“I should explain at this point that Ibarra is published primarily by Ediciones Mexicanas de Música, a firm founded by Carlos Chavez and managed for many years by Rodolfo Halffter. It had no international distribution (Peer Southern now handles their works, a recent development). It was pure serendipity that the UNM library had several of his works, apparently the result of a grant from Conaculta (the Mexican governmental arm concerned with the arts), which distributed scores from Ediciones to a few select libraries in the U.S. As I later discovered, following Halffter’s retirement the firm was kept alive by a couple of his former students, who would go into the office for a few hours most middays, and there was no additional infrastructure: no published catalogue, no international distribution, certainly no website. To obtain scores, one either went to the office when it was open and paid cash, or one faxed back and forth to determine the details of your order, and paid via bank transfer. No checks, no credit cards. I went through the faxing process to order all of Ibarra’s works for piano, only to discover that they did not know the correct international codes for a bank transfer.
“So I contacted Ana Cervantes again, and she graciously went to the office, purchased the scores, and sent them to me. I have to say that I have never been as excited by new music as I was when I read Ibarra’s Sonatas Nos. 5 and 6. I decided then and there that I needed to record his complete solo piano works, as they absolutely should be available to the international public, even if only on the very small scale I would be able to offer. And so I set about learning all that music, performing it two or three pieces at a time in several concerts over the next three years. I found the feedback from audiences was very favorable, reinforcing and confirming my own high opinion of Ibarra’s music. I should add that I was unaware of the fact that Cecilia Soria, a Mexican pianist living in Switzerland, had already recorded Sonatas 0 to 6 until my own project was well underway. I obtained a copy of her recording, and decided I had something quite different to convey, so I proceeded.
“I am happy to report that Ibarra’s reaction to my recording was very positive. He wrote me via e-mail, ‘I received your disc and I must say that I was very moved by the results. In your recording I find a complete understanding of the pieces with respect to form, and what a variety of colors you draw from the instrument! Your tone faithfully captures the thought, and I find your control of dynamics faithful to the score from the violent volcanic eruptions of some movements to the tasteful irony and elegance of Sonata 0. In sum, I thank you deeply for your interpretation of my music.’ [Original Spanish: Recibí su disco y lo que puedo decirle es que estoy emocionado con el resultado. En la grabación encuentro una comprensión total de las partituras en cuanto a la forma ¡y qué variedad de colores logra usted en el instrumento! Además la toma de sonido capta fielmente su pensamiento. Encuentro un manejo de las dinámicas tan fiel a la partitura que van desde las violentas erupciones volcánicas de algunas de las partituras hasta el buen gusto ironía y elegancia de la Sonata 0. En fin, le agradezco profundamente su interpretación a mi music.] He accompanied this e-mail with an attachment; his Sonata No. 7, not quite finished, dedicated to me, which was entirely unexpected. I felt honored beyond words.”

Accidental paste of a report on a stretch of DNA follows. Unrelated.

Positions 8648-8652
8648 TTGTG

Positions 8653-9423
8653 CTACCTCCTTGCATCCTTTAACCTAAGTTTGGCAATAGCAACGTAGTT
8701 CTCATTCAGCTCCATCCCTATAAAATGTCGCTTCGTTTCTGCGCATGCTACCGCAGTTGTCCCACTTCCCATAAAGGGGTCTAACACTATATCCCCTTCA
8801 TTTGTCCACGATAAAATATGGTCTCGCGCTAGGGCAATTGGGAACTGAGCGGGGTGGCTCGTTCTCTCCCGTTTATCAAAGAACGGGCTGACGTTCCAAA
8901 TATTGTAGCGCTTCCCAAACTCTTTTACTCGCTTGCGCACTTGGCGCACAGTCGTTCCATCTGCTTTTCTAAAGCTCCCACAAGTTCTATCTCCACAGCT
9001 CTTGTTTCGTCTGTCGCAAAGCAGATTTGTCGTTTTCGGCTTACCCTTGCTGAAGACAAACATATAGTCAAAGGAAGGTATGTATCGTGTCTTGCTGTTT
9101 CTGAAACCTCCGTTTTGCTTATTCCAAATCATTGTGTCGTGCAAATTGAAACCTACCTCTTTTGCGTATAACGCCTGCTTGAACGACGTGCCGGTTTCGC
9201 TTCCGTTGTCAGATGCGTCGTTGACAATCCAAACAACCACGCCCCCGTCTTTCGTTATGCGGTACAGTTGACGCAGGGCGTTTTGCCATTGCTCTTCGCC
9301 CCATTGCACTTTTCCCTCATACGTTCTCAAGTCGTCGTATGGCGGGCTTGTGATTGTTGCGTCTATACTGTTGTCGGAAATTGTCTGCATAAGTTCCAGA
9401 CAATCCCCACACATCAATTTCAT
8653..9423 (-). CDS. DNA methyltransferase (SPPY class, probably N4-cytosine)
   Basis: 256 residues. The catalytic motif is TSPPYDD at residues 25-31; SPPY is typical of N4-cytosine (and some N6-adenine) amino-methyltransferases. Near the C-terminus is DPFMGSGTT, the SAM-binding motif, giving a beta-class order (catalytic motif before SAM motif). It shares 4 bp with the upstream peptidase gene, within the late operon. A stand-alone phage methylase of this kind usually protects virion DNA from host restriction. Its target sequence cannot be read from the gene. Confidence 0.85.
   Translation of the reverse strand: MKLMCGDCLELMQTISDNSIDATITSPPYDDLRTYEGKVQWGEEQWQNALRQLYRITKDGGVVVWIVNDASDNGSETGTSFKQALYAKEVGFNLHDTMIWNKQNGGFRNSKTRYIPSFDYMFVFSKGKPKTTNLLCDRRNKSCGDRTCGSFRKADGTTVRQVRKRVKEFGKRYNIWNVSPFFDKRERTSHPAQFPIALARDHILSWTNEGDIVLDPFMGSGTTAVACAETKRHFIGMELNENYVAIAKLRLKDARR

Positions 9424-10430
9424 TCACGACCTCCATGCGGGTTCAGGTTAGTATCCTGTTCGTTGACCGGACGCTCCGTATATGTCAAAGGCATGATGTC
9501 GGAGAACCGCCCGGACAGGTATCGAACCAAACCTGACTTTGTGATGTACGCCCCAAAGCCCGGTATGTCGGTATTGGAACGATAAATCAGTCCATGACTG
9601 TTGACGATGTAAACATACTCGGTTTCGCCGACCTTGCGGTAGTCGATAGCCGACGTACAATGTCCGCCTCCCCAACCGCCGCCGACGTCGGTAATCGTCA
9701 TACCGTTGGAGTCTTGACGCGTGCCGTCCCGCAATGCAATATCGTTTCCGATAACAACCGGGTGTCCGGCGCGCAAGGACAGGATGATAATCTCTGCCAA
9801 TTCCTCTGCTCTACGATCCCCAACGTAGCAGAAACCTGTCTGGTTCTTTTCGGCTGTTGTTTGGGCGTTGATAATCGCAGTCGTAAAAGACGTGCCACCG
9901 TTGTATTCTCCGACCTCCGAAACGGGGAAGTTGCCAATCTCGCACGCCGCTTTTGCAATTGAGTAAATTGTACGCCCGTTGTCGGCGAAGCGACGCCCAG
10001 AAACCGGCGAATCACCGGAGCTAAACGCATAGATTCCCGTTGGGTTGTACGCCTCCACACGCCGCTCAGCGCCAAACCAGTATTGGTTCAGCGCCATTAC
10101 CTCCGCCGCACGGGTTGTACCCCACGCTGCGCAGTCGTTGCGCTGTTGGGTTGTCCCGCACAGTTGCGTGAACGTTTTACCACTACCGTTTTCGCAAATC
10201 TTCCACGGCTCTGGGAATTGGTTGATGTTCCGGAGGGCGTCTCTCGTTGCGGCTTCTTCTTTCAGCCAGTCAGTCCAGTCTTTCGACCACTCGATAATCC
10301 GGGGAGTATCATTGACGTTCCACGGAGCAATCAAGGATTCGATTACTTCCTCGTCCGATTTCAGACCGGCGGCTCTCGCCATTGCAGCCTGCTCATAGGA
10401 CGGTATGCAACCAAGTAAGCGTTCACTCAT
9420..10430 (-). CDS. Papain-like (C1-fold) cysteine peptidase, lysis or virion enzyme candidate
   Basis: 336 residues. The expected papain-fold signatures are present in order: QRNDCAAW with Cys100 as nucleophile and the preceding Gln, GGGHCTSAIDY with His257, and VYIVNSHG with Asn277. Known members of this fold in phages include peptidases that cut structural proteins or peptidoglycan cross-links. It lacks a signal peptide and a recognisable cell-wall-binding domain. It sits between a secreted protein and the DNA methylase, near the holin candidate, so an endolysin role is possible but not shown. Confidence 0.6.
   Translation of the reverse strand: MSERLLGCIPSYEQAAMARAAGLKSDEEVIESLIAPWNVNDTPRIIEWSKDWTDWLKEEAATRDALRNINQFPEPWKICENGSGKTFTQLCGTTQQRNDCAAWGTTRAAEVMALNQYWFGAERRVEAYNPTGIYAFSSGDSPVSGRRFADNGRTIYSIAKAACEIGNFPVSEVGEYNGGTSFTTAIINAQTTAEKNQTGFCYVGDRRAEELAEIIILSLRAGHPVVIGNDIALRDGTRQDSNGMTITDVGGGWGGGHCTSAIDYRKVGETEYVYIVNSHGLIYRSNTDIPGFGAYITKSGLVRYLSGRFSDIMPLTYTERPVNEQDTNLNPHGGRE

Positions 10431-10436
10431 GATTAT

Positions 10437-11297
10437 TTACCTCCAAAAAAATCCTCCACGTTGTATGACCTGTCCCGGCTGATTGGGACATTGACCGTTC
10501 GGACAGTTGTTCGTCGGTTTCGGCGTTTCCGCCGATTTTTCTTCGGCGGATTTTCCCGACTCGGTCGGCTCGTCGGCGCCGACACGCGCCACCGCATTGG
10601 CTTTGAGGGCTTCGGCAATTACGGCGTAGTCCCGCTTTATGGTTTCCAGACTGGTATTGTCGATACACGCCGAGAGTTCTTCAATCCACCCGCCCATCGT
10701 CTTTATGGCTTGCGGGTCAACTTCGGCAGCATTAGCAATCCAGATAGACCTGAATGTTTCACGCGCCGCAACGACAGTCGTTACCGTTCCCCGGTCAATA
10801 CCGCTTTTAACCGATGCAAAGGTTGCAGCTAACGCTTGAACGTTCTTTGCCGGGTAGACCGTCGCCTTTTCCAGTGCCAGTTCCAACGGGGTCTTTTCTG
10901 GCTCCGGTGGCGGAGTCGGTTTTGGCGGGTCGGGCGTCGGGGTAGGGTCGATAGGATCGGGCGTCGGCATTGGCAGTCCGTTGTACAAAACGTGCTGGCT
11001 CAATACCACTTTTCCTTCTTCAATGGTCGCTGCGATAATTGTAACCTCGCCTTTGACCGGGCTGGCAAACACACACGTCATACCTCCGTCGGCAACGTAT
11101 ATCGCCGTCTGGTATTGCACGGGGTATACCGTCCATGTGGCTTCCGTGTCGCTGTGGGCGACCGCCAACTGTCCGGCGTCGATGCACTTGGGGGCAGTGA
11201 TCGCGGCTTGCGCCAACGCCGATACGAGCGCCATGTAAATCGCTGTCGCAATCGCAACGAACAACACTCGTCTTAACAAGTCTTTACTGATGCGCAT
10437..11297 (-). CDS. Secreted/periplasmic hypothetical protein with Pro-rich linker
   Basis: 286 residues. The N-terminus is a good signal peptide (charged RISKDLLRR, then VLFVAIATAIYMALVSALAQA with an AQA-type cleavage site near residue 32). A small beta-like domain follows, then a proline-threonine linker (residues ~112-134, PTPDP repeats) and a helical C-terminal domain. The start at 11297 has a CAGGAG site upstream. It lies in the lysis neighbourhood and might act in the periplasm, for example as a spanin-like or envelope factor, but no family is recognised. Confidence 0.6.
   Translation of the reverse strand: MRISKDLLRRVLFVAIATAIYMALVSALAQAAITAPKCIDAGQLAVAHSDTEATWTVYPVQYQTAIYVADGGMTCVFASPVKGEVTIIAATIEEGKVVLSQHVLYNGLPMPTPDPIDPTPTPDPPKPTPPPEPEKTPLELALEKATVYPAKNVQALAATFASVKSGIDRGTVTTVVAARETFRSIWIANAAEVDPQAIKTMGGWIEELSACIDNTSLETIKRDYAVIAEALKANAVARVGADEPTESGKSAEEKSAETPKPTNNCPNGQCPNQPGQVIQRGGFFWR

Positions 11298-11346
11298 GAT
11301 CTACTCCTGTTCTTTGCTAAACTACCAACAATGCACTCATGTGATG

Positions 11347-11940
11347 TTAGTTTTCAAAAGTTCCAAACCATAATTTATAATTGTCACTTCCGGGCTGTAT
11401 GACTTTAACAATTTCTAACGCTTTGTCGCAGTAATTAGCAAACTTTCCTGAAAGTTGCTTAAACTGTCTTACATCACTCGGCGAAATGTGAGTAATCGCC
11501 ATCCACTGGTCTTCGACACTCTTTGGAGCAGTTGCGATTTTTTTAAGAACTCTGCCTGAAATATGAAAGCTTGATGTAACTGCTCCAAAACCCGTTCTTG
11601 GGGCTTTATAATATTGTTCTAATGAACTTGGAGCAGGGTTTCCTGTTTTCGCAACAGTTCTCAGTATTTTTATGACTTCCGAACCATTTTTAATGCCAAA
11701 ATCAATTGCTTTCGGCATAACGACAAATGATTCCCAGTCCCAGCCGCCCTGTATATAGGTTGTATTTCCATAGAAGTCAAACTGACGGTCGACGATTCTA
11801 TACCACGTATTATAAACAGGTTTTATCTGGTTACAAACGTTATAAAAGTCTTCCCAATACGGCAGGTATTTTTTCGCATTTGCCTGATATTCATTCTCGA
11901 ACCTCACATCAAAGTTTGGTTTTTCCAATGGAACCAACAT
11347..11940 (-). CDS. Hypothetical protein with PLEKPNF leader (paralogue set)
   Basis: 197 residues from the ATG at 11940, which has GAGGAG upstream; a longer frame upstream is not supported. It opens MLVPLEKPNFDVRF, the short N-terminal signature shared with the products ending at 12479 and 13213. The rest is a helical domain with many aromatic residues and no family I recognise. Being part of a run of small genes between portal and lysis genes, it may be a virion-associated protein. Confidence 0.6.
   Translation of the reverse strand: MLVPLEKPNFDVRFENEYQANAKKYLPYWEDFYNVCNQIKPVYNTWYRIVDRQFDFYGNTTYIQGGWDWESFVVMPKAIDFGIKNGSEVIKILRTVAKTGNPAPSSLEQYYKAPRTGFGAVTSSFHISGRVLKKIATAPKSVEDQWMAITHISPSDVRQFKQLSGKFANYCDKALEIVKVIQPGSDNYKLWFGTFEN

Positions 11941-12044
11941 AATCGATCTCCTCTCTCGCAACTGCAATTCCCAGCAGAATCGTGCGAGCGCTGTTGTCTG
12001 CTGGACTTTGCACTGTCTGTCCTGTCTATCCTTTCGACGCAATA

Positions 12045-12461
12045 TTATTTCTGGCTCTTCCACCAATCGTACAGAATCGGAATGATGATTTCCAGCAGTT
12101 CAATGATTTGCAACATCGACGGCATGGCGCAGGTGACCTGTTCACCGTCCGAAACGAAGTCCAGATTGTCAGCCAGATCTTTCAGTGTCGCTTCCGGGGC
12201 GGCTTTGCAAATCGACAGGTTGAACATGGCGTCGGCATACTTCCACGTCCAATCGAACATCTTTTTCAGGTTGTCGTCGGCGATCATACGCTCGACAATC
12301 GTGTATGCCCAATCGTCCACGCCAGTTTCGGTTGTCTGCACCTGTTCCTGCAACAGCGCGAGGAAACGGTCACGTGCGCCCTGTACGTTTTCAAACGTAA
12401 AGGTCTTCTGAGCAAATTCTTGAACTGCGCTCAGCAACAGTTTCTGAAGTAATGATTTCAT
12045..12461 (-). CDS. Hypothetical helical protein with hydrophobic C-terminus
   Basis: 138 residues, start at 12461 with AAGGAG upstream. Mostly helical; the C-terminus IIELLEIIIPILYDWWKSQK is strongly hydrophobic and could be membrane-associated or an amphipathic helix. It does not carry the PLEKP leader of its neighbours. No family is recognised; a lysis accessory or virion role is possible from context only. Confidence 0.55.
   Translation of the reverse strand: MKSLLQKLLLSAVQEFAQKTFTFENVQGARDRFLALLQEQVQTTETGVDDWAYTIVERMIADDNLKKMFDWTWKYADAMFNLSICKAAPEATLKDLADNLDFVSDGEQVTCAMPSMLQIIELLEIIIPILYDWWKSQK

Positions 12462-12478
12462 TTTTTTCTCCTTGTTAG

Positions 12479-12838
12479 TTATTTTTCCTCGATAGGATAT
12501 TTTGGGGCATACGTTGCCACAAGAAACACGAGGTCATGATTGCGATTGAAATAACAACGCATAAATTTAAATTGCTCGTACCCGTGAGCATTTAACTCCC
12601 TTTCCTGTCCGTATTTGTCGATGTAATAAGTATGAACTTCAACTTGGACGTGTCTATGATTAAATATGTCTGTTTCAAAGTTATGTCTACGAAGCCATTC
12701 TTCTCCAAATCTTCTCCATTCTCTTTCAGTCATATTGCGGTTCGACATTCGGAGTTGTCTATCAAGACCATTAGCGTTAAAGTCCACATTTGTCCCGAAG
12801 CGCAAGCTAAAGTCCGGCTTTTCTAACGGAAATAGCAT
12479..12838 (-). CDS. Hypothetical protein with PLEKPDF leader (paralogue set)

As listeners to Sturm’s new CD will discover, Ibarra’s music is not folkloric, and not, therefore, immediately recognizable in a nationalistic sense. Sturm elaborates, “Ibarra’s style is not Mexican in an ethnic sense, as he incorporates no folk elements of any kind. But in another way he is very much a part of the Mexican classical music tradition from the early 20th century to the present. That tradition has its roots in the monumental work of Carlos Chavez, who molded the music education system according to his own way of thinking. He believed that students of composition should not be immersed in European traditions, but should start afresh, as if nothing had come before them. So he had his students write melodies, and then counterpoints to those melodies, essentially in an intuitive manner. I believe that this bore fruit in the attitudes of contemporary Mexican composers, who rarely follow some school or other that happens to be dominant among certain circles elsewhere in the world, but instead rely on their own instincts to create a more individual musical voice, authentic for themselves.